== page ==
sure that I knew I was loved.

A Real Stinker
Sissy and I, About 1960, Andalusia, Alabama
I don’t remember a great deal about those years other than what a real stinker I was. Bless her heart, I don’t know why she didn’t haul off and knock some sense into me when I mercilessly aggravated her. I’d hide behind the sofa when her boyfriends would come calling. That’s all I’m going to say about that, but if you ask my brother-in-law, he will tell you what a precocious child I was.

But all little girls grow up, and eventually, even the little devil-child did, too. When I became a teenager and began asking questions about spiritual things, it was Sissy I called upon for answers. She seemed wise beyond her years, even though she was just twenty-five when I turned eighteen. She had two little ones of her own by that time, but she always had time for me. Always.

College Years
When I went away to college, I didn’t always use the best judgement. It was Sissy who counseled me and who prayed for and with me. When I had papers to write for my religion classes, I always sought her input. I couldn’t have gotten through those classes without her deep faith and understanding of God’s Word.

When I met the love of my life and became engaged to him just one week later, it was Sissy to whom I first broke the news. Of course, she told me it was way too soon, but I think that today, after our forty-plus years of marriage, she will admit that she got that one wrong.

One Scared Mama
After the birth of our first son, I was scared to death. I do mean that. I had no clue how to care for a newborn. She flew all the way from Ft. Myers, Florida, to Birmingham, Alabama, just to  help for a few days. When Kenneth had to have his little feet poked day after day to make sure his bilirubin count was low enough, it was Sissy who held him while I stood in the hallway weeping for my precious baby and his poor little feet. She and I laugh now at the last question I flung at her as she exited our home to return to her family. “What if I kill him?” I’m happy to report that Ken is still alive and thriving and busy with his own family.

Packing Up and Moving South
When our Daddy lost his job in Dothan, Alabama, and my husband was feeling called to a new career, it was Sissy I called and asked what to do. She talked to her husband who called us the next day to say that he had found jobs for both Jim and Daddy. All we had to do was move to Florida.

Acting on faith, we packed up three little boys and all of our belongings. We left a church we loved and friends we treasured. It was all part of God’s plan, for five years later, at the age of forty, I became pregnant with our fourth child, Daniel. It wasn’t an easy pregnancy. I was confined to bed early on and could only get up for a quick shower or necessities. Jim had just taken a new job in Tampa, the boys and I were still in Ft. Myers. Sissy took me to all of my doctor’s appointments and helped to care for our boys when I couldn’t.

                                     My Writing Buddy
Sissy and I, March, 2017
Since I first felt the call to write, besides my husband Jim and our four sons, my biggest cheerleader has been my sister. She has been beside me through this writing journey, cheering me on, even when she was battling breast cancer. She brainstorms with me and is my alpha reader. I couldn’t have done any of this without her.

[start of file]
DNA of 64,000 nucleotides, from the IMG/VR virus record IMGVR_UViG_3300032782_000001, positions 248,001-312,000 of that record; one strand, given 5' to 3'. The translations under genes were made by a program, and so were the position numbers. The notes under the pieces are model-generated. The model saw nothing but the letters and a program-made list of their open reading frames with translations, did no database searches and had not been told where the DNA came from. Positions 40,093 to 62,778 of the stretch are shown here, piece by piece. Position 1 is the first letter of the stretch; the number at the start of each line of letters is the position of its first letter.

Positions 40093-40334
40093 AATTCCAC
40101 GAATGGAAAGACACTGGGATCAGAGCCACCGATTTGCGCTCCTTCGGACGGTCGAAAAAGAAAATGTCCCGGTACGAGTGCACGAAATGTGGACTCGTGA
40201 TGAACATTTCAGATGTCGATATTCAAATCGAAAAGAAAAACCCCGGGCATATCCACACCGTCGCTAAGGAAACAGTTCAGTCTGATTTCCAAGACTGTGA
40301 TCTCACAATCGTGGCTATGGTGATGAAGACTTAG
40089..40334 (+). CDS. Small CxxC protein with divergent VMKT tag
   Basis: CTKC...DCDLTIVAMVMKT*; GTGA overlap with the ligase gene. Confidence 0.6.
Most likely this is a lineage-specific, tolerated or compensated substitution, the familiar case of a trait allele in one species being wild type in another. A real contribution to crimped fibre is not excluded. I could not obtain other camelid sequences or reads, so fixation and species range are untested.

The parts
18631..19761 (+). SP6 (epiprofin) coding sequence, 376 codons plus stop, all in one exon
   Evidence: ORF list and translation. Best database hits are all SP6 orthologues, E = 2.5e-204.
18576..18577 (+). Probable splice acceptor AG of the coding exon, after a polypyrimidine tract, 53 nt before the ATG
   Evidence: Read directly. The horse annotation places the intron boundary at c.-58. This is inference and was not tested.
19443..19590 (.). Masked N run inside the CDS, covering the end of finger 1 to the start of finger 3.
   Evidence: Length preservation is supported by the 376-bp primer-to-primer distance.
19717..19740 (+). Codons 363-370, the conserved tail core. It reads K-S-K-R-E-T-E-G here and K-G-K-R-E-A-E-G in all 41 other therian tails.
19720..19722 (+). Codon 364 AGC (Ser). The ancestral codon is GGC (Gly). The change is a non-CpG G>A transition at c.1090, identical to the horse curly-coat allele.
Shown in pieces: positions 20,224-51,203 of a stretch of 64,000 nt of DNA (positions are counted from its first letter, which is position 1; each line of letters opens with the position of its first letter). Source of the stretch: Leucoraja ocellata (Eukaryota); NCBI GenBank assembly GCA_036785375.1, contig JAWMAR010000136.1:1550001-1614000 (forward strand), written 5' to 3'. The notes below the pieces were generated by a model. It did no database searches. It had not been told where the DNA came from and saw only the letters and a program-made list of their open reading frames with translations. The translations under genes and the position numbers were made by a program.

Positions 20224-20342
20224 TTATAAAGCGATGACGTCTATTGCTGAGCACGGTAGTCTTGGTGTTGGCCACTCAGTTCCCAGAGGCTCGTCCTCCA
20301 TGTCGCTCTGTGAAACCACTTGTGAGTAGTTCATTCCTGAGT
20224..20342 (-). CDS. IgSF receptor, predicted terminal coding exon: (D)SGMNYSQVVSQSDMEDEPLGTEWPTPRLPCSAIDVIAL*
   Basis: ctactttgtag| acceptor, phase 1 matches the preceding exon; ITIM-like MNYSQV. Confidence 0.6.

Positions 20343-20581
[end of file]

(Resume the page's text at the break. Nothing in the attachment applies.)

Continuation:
Yes, I’m thankful for my sister, my second mother, for all of the things I’ve said here. But most of all, I’m thankful for her love and guidance, for her prayers for me and for my children. On days when I’ve felt like giving up on many things, she has been there, a fierce prayer warrior, standing in the gap, praying for me and my family when I had no more prayers to give. I’m more thankful for her than these words convey.

When I was cleaning up my office and some files, I ran across this poem I wrote for her on the occasion of her seventieth birthday. I hope you will indulge my sharing it with you. It tells who she is, not only to me, but to our entire family. We are so blessed to call her family. I am blessed to call her Sissy.

By Debra DuPree Williams

Wise beyond her years
Blessed with the wisdom earned from a lifetime of listening to Him
Listening to that still small voice speaking volumes about who she was to be
What her one true calling on this earth should be
Always willing to follow Him Who knows her best

She is the fabric that holds the family together
The force that binds them as one
The keeper of the memories
The one who knows all the stories
She is the link to their past, knowing the names of all who came before them

She is the one who holds their hearts in her hands
Those same hands clasped together so many times in prayer
Prayers for her her husband, her children, her grandchildren
Prayers for their health, their safety, their happiness
Those hands that toil in the garden
That make garments from mere pieces of cloth
That prepare nourishing meals year after year
The hands that brush away tears
The hands that clap with joy over the smallest of accomplishments
She is the one who leads them to grace
She is daughter, sister, wife, mother, grandmother
The one who dares them to dream the impossible
She is their past, their present, their future
She has all their hopes and all their fears and all their dreams
Tucked safely away, within the shelter of her heart

She stands before them, knowing she has done her best
She has passed love, faith, pride, wisdom, courage, and strength to each of them
She stands before them,

Written for Bobbie Ann Dupree Foshee
The Foshee Clan
The Geenen Family

Thursday, May 11, 2017

It's Not a Coincidence, It's a God-Incidence